Americans who have worked for at least 10 years should be able to count on some Social Security benefits to help them through retirement, but how much you’ll get depends as much on your choices as it does upon the government’s rules. It’s your responsibility to make smart financial decisions if you hope to get the most out of the program.
You also have to avoid costly mistakes. Below, I highlight three of the most common errors today’s workers and Social Security recipients are making that could shrink their benefit checks.
1. Not checking your earnings record
For those of you who aren’t familiar with how your Social Security benefits are calculated, the government tracks the income on which you’ve paid Social Security taxes in what’s known as your earnings record.
The Social Security Administration (SSA) gets your income information from the IRS, so your earnings record is normally pretty accurate. But mistakes can happen.
If you change your name and fail to report it to the SSA, or you or your employer accidentally transpose some digits in your Social Security Number on your employment paperwork, the SSA may not record your earnings correctly. This could result in your numbers showing less income than you actually earned during the year or no income at all, and that could lead to a lower Social Security benefit than you’re entitled to.
You can prevent this by verifying the accuracy of your earnings record every year. Create a my Social Security account if you don’t already have one to view your earnings record and compare the income listed there to your tax returns to make sure all of the information is accurate. If you notice a mistake, fill out a Request for Correction of Earnings Record form and submit this along with copies of documents that prove your real income for that year.
2. Retiring before you’ve worked 35 years
You only need to work 10 years to claim Social Security benefits, but you should aim to work at least 35 years if you want the most out of the program. If you’ve worked less than 35 years, you’ll have zero-income years included in your benefit calculation, which will result in smaller checks.
Say you earned $50,000, adjusted for inflation, every year for 35 years. If you started benefits at your full retirement age, you’d get $1,890 per month. But now let’s say you earned the same amount annually, but you only worked for 34 years. Your income would be $0 for your 35th year, and that would bring your monthly benefit down to $1,852 per month. A loss of $38 may not seem like much, but that’s $38 every month. Over 30 years, that adds up to $13,680 in lost benefits.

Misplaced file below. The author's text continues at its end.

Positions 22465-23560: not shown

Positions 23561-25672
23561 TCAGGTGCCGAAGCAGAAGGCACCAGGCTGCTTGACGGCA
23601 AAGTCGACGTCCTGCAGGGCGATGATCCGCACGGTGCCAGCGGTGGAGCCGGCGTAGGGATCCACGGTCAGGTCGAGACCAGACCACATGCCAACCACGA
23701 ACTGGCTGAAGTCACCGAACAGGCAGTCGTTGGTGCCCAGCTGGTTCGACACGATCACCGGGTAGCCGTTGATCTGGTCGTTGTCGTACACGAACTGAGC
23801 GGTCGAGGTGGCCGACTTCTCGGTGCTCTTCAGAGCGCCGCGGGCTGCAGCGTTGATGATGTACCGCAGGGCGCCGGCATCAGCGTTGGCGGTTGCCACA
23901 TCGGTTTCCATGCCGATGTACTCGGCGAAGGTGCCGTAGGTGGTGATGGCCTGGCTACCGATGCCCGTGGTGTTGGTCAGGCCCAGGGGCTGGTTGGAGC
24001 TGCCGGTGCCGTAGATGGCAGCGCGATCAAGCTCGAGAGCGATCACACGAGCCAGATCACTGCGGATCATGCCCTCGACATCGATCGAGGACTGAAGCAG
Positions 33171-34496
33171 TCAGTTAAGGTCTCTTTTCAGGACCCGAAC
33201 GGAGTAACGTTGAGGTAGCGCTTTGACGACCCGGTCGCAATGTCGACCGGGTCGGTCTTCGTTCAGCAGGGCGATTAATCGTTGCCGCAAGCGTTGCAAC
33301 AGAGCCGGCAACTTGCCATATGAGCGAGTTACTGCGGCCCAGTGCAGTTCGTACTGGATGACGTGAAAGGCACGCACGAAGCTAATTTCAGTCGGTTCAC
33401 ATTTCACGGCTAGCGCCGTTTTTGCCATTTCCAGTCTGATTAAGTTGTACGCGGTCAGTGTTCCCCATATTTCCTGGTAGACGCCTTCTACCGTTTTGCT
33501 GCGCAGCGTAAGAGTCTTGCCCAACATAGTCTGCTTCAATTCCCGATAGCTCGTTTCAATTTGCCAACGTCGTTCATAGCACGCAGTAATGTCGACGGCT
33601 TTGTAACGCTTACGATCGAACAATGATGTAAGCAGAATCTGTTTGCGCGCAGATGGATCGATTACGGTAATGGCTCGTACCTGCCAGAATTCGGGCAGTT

When you retire is ultimately your call, but you should aim to work at least 35 years if you can to prevent zero-income years from weighing down your benefit calculation. Working longer is even better because most people earn more later on in their careers, and when you work more than 35 years, your lower-earning years drop off and your higher-earning years replace them.
3. Starting benefits without considering your age and life expectancy
The other big factor influencing the size of your benefit checks is the age at which you begin taking benefits. You must wait until your full retirement age (FRA) — 66, 67, or somewhere in between, depending on your birth year — if you want the full benefit you’re entitled to based on your work history.
You can start benefits as early as 62, but then you’ll only get 70% of your scheduled benefit per check if your FRA is 67 or 75% if your FRA is 66. You also have the choice to delay benefits past your FRA. You’ll get your maximum benefit if you wait until 70 — 128% of your scheduled benefit per check if your FRA is 67 or 132% if your FRA is 66. If you were entitled to the $1,890 benefit from our example above at your FRA of 67, that would mean you’d get just $1,323 per month if you started at 62 or $2,419 per month if you start at 70.
Larger checks may seem more desirable, but waiting longer isn’t always the best choice. You have to weigh your life expectancy, as well. If you don’t expect to live long, you’re usually better off starting sooner, while someone who thinks they’ll be around until their 90s or beyond has more to gain by waiting. It’s always a bit of a guessing game because you never really know how long you’ll live, but it’s worth trying to estimate which starting age will give you the most benefits.
Your my Social Security account should give you a rough estimate of how much you’ll get if you claim benefits at 62, your FRA, and 70 based on your current work record. Multiply these amounts by the number of months you expect to claim benefits to figure out which age offers you the most money overall. You can also start somewhere in between these ages if you choose.
Social Security is a central part of most people’s retirement plans, so you want to do what you can to maximize your benefits. Avoiding the three above mistakes will ensure you get as much money as possible from the program.
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